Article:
From the Desk of Natasha A. Harrison

Quote By Natasha Harrison Emotional self care 1 Comment on From the Desk of Natasha A. Harrison

audre lorde

In 2012, I suffered a painful miscarriage and I was diagnosed with Type II Diabetes.  I sunk into a deep depression.  As I was trying pull myself out of the “sunken place”, I came across a quote from poet laureate Audre Lorde:

“Caring for myself is not self-indulgence. It is self-preservation, and that is an act of political warfare.”

This began my love affair with Lorde.

Lorde is a self-described Black, lesbian, mother, warrior, poet.  She is the mother of #RadicalSelfCare.  Her writings have taught me that I am worthy of self care despite what messages that I receive regarding my Blackness.  My personal discovery of Lorde has heightened my consciousness on the miraculous existence of Black people in America.  

“we were never meant to survive.”

The first act towards Black liberation is being healthy – emotionally, physically, spiritually and mentally.  To speak out against injustices I must be alive.  To protest I must be alive.  

How are you practicing self care?

 

A Litany for Survival

By Audre Lorde

For those of us who live at the shoreline

standing upon the constant edges of decision

crucial and alone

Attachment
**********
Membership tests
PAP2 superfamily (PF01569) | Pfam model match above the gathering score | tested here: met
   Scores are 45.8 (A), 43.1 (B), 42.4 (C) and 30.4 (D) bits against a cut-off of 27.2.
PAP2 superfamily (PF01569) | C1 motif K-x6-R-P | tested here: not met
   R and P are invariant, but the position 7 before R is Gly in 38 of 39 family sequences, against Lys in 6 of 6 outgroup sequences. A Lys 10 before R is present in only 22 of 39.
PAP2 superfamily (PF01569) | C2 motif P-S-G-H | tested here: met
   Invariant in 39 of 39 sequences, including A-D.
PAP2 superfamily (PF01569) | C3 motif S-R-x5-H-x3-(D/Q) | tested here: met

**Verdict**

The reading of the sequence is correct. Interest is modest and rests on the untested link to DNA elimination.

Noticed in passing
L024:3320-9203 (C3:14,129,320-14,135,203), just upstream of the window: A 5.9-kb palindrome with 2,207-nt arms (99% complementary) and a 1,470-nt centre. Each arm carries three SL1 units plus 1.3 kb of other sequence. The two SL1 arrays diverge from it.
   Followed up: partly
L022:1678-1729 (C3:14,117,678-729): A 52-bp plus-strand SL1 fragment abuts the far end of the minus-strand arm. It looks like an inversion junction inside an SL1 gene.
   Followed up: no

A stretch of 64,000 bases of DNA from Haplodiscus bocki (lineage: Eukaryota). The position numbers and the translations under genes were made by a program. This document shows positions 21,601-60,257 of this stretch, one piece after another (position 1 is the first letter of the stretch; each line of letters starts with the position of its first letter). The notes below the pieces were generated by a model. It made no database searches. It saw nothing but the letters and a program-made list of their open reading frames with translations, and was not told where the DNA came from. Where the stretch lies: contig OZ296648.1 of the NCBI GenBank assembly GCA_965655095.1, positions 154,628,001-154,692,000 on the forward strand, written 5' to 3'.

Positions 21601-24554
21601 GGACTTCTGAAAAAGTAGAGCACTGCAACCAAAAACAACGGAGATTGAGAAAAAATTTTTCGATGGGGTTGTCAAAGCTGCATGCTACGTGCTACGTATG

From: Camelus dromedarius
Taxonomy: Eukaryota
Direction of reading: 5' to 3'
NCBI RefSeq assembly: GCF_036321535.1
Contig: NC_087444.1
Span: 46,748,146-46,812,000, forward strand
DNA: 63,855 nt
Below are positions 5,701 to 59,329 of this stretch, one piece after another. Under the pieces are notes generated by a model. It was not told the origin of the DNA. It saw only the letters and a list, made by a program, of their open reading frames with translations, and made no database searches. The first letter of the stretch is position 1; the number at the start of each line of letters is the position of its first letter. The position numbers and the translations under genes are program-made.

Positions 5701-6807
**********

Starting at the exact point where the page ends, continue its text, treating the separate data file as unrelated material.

for those of us who cannot indulge

the passing dreams of choice

who love in doorways coming and going

in the hours between dawns

looking inward and outward

at once before and after

seeking a now that can breed

futures

like bread in our children’s mouths

so their dreams will not reflect

the death of ours;

 For those of us

who were imprinted with fear

like a faint line in the center of our foreheads

learning to be afraid with our mother’s milk

for by this weapon

this illusion of some safety to be found

the heavy-footed hoped to silence us

For all of us

this instant and this triumph

We were never meant to survive.

And when the sun rises we are afraid

it might not remain

when the sun sets we are afraid

it might not rise in the morning

when our stomachs are full we are afraid

of indigestion

when our stomachs are empty we are afraid

we may never eat again

when we are loved we are afraid

love will vanish

when we are alone we are afraid

love will never return

and when we speak we are afraid

our words will not be heard

nor welcomed

but when we are silent

we are still afraid

 So it is better to speak

remembering

we were never meant to survive.

 

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  • Audrey Jacobs
    Posted on July 17, 2020 at 2:00 pm

    Natasha,
    Thank you for this. For being vulnerable. I have been thinking a lot about the effects of stress of working in racist environments, and their impacts on my physical and emotional well-being. I have found Resmaa Menakem’s work, including, “My Grandmother’s Hands,” along with Audre Lorde’s work to be helpful.

    Reply

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